Take the 2-minute tour ×
Stack Overflow is a question and answer site for professional and enthusiast programmers. It's 100% free.

Could someone point out why this could be happening:

I am using NHibernate and the Linq provider for it.

The code that fails is listed here:

var sequence = session.Query<T>();

var wtfSequence = sequence.Where(x => true);
var okaySequence = sequence.Where(x => x.Id > 0);

Debugging shows that sequence (which is an IQueryable<T>) after this contains 2 elements, which were added to the database.

I expect the first Where statement to yield all elements from that sequence, but unfortunately it leaves 0 elements.


The second Where statement, on the contrary, actually yields 2 elements as it should work.

Here are the NHibernate -> Sqlite queries for the first and second Where statements.

NHibernate: select cast(count(*) as INTEGER) as col_0_0_ from "BinaryUnitProxy_IndicatorUnitDescriptor" binaryunit0_ where @p0='true';@p0 = 'True' [Type: String (0)]

NHibernate: select cast(count(*) as INTEGER) as col_0_0_ from "BinaryUnitProxy_IndicatorUnitDescriptor" binaryunit0_ where binaryunit0_.Id>@p0;@p0 = 0 [Type: Int32 (0)]

Now, if I test the same code with my InMemoryRepository, which stores every entity in a simple list, the (x => true) works absolutelty fine.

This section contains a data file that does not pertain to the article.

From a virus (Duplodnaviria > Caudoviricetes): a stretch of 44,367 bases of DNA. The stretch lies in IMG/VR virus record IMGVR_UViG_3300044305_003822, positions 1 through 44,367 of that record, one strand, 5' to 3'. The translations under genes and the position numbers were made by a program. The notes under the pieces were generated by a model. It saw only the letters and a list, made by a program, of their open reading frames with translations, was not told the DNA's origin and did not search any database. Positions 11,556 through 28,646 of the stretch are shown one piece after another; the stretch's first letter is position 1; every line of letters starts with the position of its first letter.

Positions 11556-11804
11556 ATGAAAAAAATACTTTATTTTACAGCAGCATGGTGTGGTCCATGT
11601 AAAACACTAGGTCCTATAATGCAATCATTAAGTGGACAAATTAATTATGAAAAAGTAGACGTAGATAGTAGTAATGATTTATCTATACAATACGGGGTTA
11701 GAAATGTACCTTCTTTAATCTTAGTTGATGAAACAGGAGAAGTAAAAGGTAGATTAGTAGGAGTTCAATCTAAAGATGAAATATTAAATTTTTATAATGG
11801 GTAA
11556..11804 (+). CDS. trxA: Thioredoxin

So - why does this happen when using NHibernate? Is this a bug or I am doing something wrong?

Thank you.

share|improve this question
It's most likely related to the way NHibernate treates the Expression it creates from the lambda, although goodness knows what it's doing... –  Massif Feb 8 '11 at 15:04

3 Answers 3

up vote 5 down vote accepted

I don't know NHibernate, but the problem is obvious from the generated SQL: Your database does not consider true (lowercase t) equal to True (uppercase T). In SQL server you can change this by modifying the database collation (which is a really bad idea unless you want case insensitivity for other reasons).

My guess is this is a bug in NHibernate that you need to work around. Test t => 1 == 1 instead of t => true, which might work depending on how the NHibernate code is written.

share|improve this answer
Agreed. And please open a ticket at jira.nhforge.org –  Diego Mijelshon Feb 8 '11 at 16:13

My guess is that this is a bug in NHibernate based on the SqLite output that you show. You could try X => X.Id == X.Id rather than X => true and see if that works.

share|improve this answer

Looks like a bug to me. Its converting a boolean operation to a string evaluation, and even that's screwed up, as it sets up the query with true and evaluates using True, so a case-sensitive test would fail.

share|improve this answer

Your Answer


By posting your answer, you agree to the privacy policy and terms of service.

Not the answer you're looking for? Browse other questions tagged or ask your own question.